Asphalt shingles are our most common shingle choice. Our second most commonly used material is metal roofing. We do a fair amount of it, but we only install standing seam (it’s also called covered fastener) metal. It looks like this:
But not all metal roofing is like this. You can also get metal roofing that goes on like this:
Notice that while it looks similar, the roof on the bottom has exposed fasteners. Those screws are grommeted to keep water from entering at the screw holes. Those grommets break down after about 18 years, and then there are pinpoint leaks all over the place, at every screw hole. The only thing that you can do is to either replace all the grommets or caulk the screws, and that’s very expensive unless you do it yourself. It’s cheaper to buy but costs a lot more to maintain over the long term. Corrugated agricultural metal is also much cheaper, but has the same problems long term.
The most attractive feature of a metal roof is its durability. Unlike shingle or composite roofing materials, properly-installed metal roofs are generally expected to last as long as the houses they protect. In fact, most metal roof warranties are for time periods of between twenty and fifty years.
Furthermore, the metal roofing material is constructed to better withstand a host of potential dangers. Obviously, it is resistant to fire; but its lack of porousness also enables a metal roof to shed moisture. This capability makes it impervious to rotting, mildew growth, and insect infestation – unlike shingle or wooden roofs.
We won’t install anything except the standing seam metal because we don’t have confidence in the other products, but we lose jobs to cheaper contractors because of it. It comes in many colors, even though all the examples are gray. What some people don’t realize is that the manufacturers don’t warranty the metal, they warranty the paint, usually for 25-30 years. That paint oxidizes after about 10 years and gets a weird white coating on it. If something damages the paint (falling branch, pine cones, pine needles) then the roof can begin to rust. Acorns will make visible dents on a metal roof, and you have to be really careful about where you put your feet. It does not grow moss or collect debris like asphalt does, and is easier to clean that asphalt. It is also very dangerous in the rain and snow (big slide).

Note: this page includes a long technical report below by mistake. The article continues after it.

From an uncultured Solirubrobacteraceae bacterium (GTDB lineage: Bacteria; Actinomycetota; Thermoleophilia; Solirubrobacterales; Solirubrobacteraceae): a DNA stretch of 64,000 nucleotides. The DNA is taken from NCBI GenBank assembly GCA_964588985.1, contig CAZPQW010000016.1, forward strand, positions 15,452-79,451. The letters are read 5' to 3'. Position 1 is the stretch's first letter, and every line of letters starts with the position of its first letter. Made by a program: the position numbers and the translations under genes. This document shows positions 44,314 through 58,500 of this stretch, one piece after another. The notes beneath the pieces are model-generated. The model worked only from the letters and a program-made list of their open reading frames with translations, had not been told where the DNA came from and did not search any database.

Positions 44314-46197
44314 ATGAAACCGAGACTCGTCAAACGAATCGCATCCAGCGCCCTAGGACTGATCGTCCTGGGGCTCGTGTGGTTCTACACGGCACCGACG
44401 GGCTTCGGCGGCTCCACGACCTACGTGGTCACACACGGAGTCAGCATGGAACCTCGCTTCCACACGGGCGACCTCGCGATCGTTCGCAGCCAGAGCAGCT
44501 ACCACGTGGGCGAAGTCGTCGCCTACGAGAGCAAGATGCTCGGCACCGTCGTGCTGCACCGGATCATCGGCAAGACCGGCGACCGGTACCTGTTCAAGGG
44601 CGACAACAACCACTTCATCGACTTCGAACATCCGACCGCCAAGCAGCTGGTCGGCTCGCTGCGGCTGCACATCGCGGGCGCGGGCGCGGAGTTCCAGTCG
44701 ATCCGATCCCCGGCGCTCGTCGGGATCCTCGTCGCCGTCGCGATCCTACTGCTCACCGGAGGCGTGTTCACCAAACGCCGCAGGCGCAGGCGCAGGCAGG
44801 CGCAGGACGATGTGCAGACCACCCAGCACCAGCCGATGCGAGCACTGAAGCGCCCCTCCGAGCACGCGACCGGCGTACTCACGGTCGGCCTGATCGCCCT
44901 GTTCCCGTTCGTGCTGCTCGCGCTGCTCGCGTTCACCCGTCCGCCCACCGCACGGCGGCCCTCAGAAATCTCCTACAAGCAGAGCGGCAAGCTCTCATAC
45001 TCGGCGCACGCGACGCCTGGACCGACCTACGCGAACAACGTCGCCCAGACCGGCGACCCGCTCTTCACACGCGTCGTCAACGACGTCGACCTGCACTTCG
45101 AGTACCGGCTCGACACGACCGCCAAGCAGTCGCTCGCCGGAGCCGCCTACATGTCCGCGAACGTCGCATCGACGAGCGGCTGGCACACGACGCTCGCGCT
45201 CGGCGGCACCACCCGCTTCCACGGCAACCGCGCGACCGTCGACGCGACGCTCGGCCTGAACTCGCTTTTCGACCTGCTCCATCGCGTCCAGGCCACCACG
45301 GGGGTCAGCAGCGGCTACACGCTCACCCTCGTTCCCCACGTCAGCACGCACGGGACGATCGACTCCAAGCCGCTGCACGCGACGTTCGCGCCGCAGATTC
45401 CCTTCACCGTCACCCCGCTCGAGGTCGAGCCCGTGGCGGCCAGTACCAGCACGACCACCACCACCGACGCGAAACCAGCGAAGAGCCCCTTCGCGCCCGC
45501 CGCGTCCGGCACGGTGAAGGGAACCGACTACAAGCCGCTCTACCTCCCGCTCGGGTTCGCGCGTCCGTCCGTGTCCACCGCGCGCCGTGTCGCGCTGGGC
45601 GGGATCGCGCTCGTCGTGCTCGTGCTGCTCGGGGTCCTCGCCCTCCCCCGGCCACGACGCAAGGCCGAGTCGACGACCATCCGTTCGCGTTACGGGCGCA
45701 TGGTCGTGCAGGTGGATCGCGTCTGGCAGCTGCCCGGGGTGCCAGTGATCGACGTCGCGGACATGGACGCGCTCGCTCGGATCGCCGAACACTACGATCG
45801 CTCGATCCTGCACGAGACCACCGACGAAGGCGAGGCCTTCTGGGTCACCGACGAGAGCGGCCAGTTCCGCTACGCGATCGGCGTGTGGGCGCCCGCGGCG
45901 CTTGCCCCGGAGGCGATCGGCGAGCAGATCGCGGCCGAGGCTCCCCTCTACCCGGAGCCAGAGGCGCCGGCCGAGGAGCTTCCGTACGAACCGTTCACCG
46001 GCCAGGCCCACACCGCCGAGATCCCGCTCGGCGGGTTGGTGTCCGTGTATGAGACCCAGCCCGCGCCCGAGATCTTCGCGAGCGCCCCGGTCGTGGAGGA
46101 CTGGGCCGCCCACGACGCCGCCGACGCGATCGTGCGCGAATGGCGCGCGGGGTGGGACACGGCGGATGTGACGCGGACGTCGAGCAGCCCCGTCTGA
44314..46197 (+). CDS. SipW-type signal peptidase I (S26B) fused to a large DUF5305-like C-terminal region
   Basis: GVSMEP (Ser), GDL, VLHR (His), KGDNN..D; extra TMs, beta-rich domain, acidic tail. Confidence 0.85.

There are also companies who can do different kinds of metal, like this: Interlock roofing roofs are not as great as they say they are, but they are beautiful, made of aluminum so they don’t rust, and are very expensive (a roof I’d bid for ten thousand will cost you thirty thousand with the Interlock roofing). You also can’t walk on it, no matter what they say. The other problem with them is that only the Interlock contractors can fix them if something goes wrong, and since the closest one is out of I think Beaverton you just gotta hope they’ll come when you need them. I saw one down the street getting replaced with asphalt a month ago – it was still intact and keeping water out, but the paint was coming off.
We hope this blog helped you learn more about metal roofing and the pros and cons of it. We stand behind our work and make sure that you get the best roof for your home. If you are in need of a new roof, give us a call and get a free estimate!